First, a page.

But the event is also a celebration of youth. “We have not a break from tradition but a little extension of that honoring,” says Joe Asevedo, Cultural Affairs Attache for Brokenrope, “in honoring the youth … Most powwows have a head woman and a head man and a head youth dancer. We decided to have two [male] youth dancers, and two youth female dancers.”

One of the female dancers will also be presented in a ceremony that is to Native American society what a debutante ball might be to America’s Southern culture. The presentation features gift-giving, a dinner hosted by the woman’s parents and a discussion of the woman’s plans, “basically letting everyone know that she’s becoming a woman,” says Anderson, who notes that the Plains Indians traditionally have “a matrilineal society, and basically women are in charge. The men were to take care of the village, protect the village, take care of everybody.” To that end, “there was nobody in the tribe who was left to fend for themselves, go hungry, and that’s basically what the Brokenrope Foundation is about: we want to make sure everybody has access.”

This youth, cultural, and memorial gathering happens at a time when Brokenrope Foundation, the organizing body, officially sets its roots in the community; having been incorporated for two years, the foundation will be setting up a permanent office in the next couple of weeks. “Ventura was talking about one of their primary goals to the general plan,” says Asevedo, “and one of their primary goals is to keep Ventura a vibrant cultural community and, because of that, we’re right in with our culture, trying to let them see how truly vibrant and cultural this community can be.”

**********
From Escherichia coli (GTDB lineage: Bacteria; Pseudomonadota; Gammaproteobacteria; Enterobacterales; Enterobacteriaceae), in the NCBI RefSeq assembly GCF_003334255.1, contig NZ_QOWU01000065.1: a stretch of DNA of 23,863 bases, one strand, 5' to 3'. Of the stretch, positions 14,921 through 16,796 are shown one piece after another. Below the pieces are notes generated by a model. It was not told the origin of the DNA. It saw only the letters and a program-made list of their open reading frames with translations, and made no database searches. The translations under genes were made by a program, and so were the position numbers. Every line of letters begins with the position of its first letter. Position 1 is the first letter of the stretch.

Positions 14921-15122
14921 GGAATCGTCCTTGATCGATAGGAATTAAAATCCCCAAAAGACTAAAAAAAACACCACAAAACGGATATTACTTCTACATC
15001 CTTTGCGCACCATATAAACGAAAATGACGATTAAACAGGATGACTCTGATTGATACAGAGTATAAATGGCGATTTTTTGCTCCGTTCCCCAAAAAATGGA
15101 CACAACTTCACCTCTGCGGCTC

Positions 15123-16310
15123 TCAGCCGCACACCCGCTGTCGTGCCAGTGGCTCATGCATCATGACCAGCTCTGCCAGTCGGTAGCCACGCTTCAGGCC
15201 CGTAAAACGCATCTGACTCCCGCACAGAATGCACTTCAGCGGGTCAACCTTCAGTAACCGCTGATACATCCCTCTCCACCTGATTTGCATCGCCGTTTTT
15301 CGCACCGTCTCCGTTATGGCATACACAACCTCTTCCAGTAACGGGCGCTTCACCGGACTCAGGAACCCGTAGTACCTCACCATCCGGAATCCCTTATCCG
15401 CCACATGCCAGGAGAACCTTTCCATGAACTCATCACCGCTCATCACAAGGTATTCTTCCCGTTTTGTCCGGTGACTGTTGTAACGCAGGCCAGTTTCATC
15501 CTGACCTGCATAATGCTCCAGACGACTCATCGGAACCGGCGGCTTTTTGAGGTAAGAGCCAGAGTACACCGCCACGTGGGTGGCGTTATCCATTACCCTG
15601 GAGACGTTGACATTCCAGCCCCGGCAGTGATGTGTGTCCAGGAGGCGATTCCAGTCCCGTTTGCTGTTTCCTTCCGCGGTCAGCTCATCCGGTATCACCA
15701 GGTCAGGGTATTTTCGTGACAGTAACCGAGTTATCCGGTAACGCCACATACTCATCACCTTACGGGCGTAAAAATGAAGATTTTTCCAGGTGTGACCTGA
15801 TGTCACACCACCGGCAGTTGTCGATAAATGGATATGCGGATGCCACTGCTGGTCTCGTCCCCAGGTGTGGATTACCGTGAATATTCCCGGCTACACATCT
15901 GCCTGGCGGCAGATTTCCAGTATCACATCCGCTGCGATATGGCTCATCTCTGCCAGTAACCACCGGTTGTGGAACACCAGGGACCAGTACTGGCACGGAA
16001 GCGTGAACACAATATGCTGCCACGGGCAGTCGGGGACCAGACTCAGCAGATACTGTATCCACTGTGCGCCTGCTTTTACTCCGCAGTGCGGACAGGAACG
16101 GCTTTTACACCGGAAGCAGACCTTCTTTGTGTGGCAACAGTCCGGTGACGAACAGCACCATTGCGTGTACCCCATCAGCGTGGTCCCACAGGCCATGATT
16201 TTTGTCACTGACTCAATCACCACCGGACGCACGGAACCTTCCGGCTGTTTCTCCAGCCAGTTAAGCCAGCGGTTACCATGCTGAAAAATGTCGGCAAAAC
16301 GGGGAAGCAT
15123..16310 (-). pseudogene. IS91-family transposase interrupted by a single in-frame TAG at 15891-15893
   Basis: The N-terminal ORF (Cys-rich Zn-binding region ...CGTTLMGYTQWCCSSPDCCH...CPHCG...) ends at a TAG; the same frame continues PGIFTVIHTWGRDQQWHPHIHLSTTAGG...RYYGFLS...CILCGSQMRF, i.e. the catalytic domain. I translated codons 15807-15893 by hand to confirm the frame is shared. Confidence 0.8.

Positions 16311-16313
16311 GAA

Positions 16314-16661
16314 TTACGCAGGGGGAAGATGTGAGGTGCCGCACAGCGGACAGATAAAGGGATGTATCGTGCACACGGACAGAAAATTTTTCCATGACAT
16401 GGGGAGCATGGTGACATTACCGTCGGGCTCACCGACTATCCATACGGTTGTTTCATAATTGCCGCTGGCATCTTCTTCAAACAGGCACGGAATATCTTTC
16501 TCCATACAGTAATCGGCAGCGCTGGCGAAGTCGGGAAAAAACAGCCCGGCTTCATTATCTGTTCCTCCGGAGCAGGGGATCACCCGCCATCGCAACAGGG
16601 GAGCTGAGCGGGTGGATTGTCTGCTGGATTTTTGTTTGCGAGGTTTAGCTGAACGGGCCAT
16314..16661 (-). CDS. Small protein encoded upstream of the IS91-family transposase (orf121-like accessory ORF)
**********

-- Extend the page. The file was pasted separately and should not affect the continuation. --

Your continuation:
In this way, Anderson says, “Ventura has just been absolutely wonderful in helping us get [the powwow] together.” The mentionable bump in the road was that the planned powwow location in Oxnard did not allow for vendors or overnight stay, but the new location, Arroyo Verde Park, is ideal, according to Anderson.

In addition to shifting the focus of the powwow, the Brokenrope Foundation has also postponed a film screening out of respect for Tepper’s passing. Trespass, a documentary about nuclear testing in the western Shoshone tribal lands and waste disposal on the sacred Yucca mountain, also addresses water pollution and generations of birth defects as a result of uranium mining in the area. The foundation plans to screen this informative film later on as part of an ongoing film festival.

As well as being honored with the other soldiers, World War II veteran Ed Tepper will be represented throughout the ceremony, with one of his family members carrying the eagle staff he would have carried.

“On April the 9th, we would’ve been celebrating his 90th birthday,” Asevedo remarks. “The way it turned out, we have a drum group coming from South Dakota, the Strong Heart Warrior Society, so they’ll be bringing a departure song with them.”

The opening of the powwow is marked by the gourd dance, and a grand entry of dancers is scheduled for 1 p.m. As Anderson explains, “This powwow is going to be a learning powwow so people understand what we’re doing, what the traditions are and why we want to keep them alive.”